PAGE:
After leaving Chicago 43 years ago, every time I go back it feels like I'm seeing into a multi-dimensional time tunnel. Every face looks familiar, every place, every building, sparks memories not only from my childhood but somehow I see them framed as they were when new. This can be disconcerting at times for Ruth and me walking when she sees me stop suddenly to mumble a word or phrase and gaze blankly into space. Multiple cities live in time and space at the same time for me. I hear music coming from old bars and smell the tobacco and liquor smell wafting out into the street from long ago defunct neighborhood hangouts.
Walking along the street, I pause...there used to be a garage here...yes, the location of the St. Valentine's Day Massacre, long ago torn down and a trendy condo complex housing their ghosts. Over there, two old Jewish men, the Cook Brothers, who smoked cigars continuously, ran the neighborhood hardware store. There, everything you could ever need or imagine was available on some dark, messy, unorganized shelf, or in the dark recesses of the unapproachable basement where they would disappear and return with your requested object in hand, smelling like cigar smoke. It was a city of magic, opportunity and pulling into its embrace the tired, the poor, the seekers, and opportunists that give Chicago the vitality it has today.
My grandparents had a house on Fullerton Ave., a beautiful tree-lined street in the heart of the city just a few blocks from large, lush, Lincoln Park.
The old house was built in 1886, and my times there were full of explorations into its nooks and crannies, huge walk-in closets that bent around corners, an always-mysterious basement where my grandfather used to shoot his pistols (much to the consternation of the neighbors), and an upstairs apartment that housed the living quarters of my two spinster great aunts.
They were both born a few years after the Civil War, a couple of decades before the old house was built, and shortly after the Great Chicago Fire that was the greatest American disaster of the 19th century. Being with both gentle women was my first choice, as they had a peace of mind and presence that enveloped me with so much comfort I could hardly move a muscle. I would often ask for my hands to be washed, and remember them clearly turning on the warm water in the high-ceilinged, bright white octagonal-tiled room, pulling down the bar of ivory soap, and with crinkly, ancient, twisted fingers, gently enveloping my hands to wipe clean any thoughts but the bliss of timelessness.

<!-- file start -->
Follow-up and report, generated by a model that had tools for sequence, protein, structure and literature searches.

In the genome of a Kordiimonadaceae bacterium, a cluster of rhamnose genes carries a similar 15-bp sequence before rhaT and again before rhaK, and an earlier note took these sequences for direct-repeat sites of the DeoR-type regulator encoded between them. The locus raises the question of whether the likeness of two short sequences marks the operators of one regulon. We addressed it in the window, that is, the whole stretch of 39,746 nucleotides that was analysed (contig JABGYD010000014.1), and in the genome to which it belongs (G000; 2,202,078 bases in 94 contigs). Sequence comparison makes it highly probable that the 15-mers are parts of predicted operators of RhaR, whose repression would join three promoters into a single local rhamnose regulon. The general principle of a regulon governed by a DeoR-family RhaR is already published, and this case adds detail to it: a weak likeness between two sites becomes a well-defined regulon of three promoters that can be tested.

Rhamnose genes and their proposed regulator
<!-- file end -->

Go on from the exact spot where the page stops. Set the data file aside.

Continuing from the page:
Many times the old women would share stories from their past with me and I had so many questions to ask. One day I saw, vignetted in oval frames, pictures of two beautiful girls wearing white-laced high-necked blouses and hair pulled up in fashionable waves on their heads,
and asked who they were. They looked at me with crinkled, smiling, sparkling eyes and said, “Why, that’s us!” I didn't believe the old stooped women before me were those same two. They laughed in a gentle way and told me stories of those times that seemed like fairy tales. They spoke about how amazing it was to see the Columbian Exposition in 1893, it being such a large area lit up in electric lights, a new invention. (It's hard for us to imagine what life must have been like before the light bulb with gas, kerosene, and candle illumination.) They rode the first moving walkway, and felt vertigo at such a wonder. The first illusion of moving images were seen there, a precursor to motion pictures. They saw Scott Joplin play ragtime, rode the first Ferris Wheel, and were some of the first to own a Kodak camera in the 1890s. They told me how exciting it was to ride in their first car, a Duryea, in 1898.
Oh what stories fell upon such eager ears from those centenarians whose eyes had seen so much change in their lives!
Ruth and I made our pilgrimage to connect the dots of our journey, to several of the most popular blues clubs in Chicago, B.L.U.E.S.
and Kingston Mines across the street from each other. We remembered from a previous visit to B.L.U.E.S., that whoever was on stage had a line of musicians either waiting to jam with them or become the spotlighted players. This night, 3-4 musicians held the command stage. As it turned out, we were sitting next to the owners of the club by the back door and we struck up a brief conversation through the musical interludes about our journey and quest. They bought us drinks…then more…and then invited us across the street to the much bigger venue as their guests to listen to more fine Chicago blues. I must admit that I remember taking a video of the musicians but after that things got significantly hazy. The next day, Ruth asked me if I remembered taking the taxi home, or the conversation with the desk clerks? I looked at her with bagged, blood shot, squinted eyes, and groaned. I’m pretty sure it was the best blues I've heard…Ever!